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Article Dans Une Revue PLoS ONE Année : 2008

The Citius End : World Records Progression Announces the Completion of a Brief Ultra-Physiological Quest

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Résumé

World records (WR) in sports illustrate the ultimate expression of human integrated muscle biology, through speed or strength performances. Analysis and prediction of man's physiological boundaries in sports and impact of external (historical or environmental) conditions on WR occurrence are subject to scientific controversy. Based on the analysis of 3263 WR established for all quantifiable official contests since the first Olympic Games, we show here that WR progression rate follows a piecewise exponential decaying pattern with very high accuracy (mean adjusted r 2 values = 0.9160.08 (s.d.)). Starting at 75% of their estimated asymptotic values in 1896, WR have now reached 99%, and, present conditions prevailing, half of all WR will not be improved by more than 0,05% in 2027. Our model, which may be used to compare future athletic performances or assess the impact of international antidoping policies, forecasts that human species' physiological frontiers will be reached in one generation. This will have an impact on the future conditions of athlete training and on the organization of competitions. It may also alter the Olympic motto and spirit.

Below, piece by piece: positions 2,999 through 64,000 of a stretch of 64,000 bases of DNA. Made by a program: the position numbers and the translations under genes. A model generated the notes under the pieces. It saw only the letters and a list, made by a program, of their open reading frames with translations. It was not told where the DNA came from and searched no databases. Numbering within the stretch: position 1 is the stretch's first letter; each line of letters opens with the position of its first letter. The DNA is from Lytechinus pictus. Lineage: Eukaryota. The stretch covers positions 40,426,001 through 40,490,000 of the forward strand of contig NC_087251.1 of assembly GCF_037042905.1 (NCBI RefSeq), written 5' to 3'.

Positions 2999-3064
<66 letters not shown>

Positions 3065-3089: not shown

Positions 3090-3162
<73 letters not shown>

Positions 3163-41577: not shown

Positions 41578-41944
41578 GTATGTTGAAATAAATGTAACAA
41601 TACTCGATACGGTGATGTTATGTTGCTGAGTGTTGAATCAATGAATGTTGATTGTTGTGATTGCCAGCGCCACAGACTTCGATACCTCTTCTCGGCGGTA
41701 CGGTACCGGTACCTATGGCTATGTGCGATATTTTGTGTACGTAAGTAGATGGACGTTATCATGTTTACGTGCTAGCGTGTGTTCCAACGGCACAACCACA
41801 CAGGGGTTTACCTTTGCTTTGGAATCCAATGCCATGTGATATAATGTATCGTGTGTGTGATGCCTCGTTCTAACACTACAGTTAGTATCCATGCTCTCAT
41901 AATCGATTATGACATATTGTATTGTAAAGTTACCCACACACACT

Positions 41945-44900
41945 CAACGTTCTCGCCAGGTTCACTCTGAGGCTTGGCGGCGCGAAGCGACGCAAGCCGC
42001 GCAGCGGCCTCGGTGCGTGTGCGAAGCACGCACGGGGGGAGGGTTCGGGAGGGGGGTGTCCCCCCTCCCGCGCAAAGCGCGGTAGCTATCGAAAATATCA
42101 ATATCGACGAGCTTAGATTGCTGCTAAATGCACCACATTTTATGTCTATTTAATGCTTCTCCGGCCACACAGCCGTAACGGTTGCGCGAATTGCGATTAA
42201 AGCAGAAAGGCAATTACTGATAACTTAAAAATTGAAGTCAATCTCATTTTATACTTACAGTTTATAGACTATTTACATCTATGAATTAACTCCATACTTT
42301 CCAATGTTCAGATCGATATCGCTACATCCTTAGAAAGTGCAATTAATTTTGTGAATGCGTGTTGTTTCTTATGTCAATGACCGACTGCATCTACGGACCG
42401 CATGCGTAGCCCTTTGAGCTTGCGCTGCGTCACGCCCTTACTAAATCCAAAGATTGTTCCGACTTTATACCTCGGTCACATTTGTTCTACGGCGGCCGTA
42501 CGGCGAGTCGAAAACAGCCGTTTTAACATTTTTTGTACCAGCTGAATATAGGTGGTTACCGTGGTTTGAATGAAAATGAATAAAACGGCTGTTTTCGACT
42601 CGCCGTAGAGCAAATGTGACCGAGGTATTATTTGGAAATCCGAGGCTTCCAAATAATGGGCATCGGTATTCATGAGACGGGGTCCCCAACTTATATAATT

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Dates et versions

hal-01768569 , version 1 (17-04-2018)

Identifiants

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Geoffroy C.B. Berthelot, Valérie Thibault, Muriel Tafflet, Sylvie Escolano, Nour El Helou, et al.. The Citius End : World Records Progression Announces the Completion of a Brief Ultra-Physiological Quest. PLoS ONE, 2008, 3 (2), pp.e1552. ⟨10.1371/journal.pone.0001552⟩. ⟨hal-01768569⟩
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